For those dull moments during work – or at lunchtime, break time, and office-is-empty time – I chat with my friends on Gchat. I’ve mentioned my love affair with Gmail before, but seriously, without it, my day wouldn’t seem complete. Or at least, as entertaining.
To keep me laughing and of course, thinking – my friend C sends me quotes she believes will foster inspiration. Often times, she’s successful and I’ve coined her my “Fairy Blog Mother” – encouraging me to keep going, even when the city, in its endless wonder and characters, can’t get my fingers to dance across the keys.
A few days ago, she started our daily conversation with, “My daily quote calendar today says: ‘The girl with a future avoids the man with a past.” Within a few seconds, I virtually smiled at C and asked the Twitterverse and Book of Faces for its opinion.
Overwhelmingly, the central response was: “Well, doesn’t everyone have a past? Why should we rule out someone who has baggage when we have enough of our own? And can’t we help that person overcome whatever it is from yesterday that’s keeping them from tomorrow?”
While I agree with all of those questions and find them valid, I have to ask: But how can we have a future -or more important, a today- if we aren’t willing to accept the past for what it is, and leave it there?
When I first read this quote, the first person I thought of was Mr. Unavailable. Though he hasn’t been a huge part of my blog recently, since he was the first man I befriended without the premise of romance, we’ve remained in close contact. His problems are still many and while the contradictions of his past are still finding themselves more and more complicated, he’s making an effort to move forward.
The thing is, regret and the loss of women he had and those he could never win back, is keeping him from embracing all of the opportunities he has today. His career is one I’m envious of, his financial stability is something to shake a Cartier-heavy wrist at, and maybe most impressively – he’s nearing a new decade and you’d never know it. Not a bald spot, receding hair line, or gray streak in sight.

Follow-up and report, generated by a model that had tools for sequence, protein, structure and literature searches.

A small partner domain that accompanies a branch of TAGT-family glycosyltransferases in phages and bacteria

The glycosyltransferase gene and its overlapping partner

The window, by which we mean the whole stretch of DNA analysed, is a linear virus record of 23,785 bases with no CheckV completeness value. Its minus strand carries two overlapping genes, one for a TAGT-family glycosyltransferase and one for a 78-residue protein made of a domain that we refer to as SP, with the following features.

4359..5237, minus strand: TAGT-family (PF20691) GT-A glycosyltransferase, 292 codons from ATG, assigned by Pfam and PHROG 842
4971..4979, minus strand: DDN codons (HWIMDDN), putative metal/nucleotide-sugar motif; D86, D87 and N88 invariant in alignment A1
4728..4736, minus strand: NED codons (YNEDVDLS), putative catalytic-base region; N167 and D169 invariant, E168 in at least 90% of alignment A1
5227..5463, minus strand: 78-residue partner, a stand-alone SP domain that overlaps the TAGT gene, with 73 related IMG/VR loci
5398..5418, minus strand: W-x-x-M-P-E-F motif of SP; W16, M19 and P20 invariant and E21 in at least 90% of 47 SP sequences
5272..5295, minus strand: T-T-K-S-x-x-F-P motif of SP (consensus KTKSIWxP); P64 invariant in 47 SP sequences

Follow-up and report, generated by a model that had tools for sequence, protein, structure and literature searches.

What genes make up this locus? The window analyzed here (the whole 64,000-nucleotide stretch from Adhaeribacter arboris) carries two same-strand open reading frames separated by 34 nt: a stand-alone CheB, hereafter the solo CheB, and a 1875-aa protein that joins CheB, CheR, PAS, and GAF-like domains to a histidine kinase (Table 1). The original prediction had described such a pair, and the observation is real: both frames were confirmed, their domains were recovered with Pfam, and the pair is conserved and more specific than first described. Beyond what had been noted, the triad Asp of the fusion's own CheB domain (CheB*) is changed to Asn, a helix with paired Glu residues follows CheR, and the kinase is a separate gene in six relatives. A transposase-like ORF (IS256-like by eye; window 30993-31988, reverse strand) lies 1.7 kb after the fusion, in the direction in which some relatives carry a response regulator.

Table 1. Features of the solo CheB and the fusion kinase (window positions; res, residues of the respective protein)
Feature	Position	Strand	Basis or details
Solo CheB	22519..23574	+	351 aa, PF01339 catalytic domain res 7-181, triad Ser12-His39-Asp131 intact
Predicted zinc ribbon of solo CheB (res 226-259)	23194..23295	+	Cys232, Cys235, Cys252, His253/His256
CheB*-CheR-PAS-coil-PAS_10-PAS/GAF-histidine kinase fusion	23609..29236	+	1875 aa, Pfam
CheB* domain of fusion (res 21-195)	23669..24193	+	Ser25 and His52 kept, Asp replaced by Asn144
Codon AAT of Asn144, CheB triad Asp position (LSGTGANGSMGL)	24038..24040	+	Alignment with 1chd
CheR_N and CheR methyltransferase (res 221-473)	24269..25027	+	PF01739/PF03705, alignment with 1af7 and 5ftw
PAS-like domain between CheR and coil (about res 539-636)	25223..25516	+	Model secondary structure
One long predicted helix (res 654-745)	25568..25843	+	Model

But nevertheless – because he can’t find love in himself, because he keeps seeking it from outside sources, dates, and dangerous expeditions, he isn’t able to create a future with anyone. But sadly, he also can’t create one with himself.
I can’t count how many times in a conversation, I find him starting off positive and ending up dwelling in a hole he just keeps digging. After a few full-hearted attempts to ease his troubled mind and raise his spirits without kisses or a simple sway of the hips (as a true platonic friend does), I eventually have to turn into full-throttle journalist mode and put him in his place.
Sometimes I start to feel guilty after giving him tough love, but as much as I’m a believer that our lessons from relationships that were help us prepare for the love we’ll one day find, I also think to be healthy, you have to adapt an attitude of acceptance.
And while some relationships end without notice, some come to a close because of shared problems and differences that can’t be compromised to make it work – and it’s there that we must realize that it isn’t always them – sometimes, it’s us. And most of the time – to start walking confidently away from happily-ever-over, you have to realize that maybe yesterday isn’t as important as right now in this single, shining or even unimportant moment.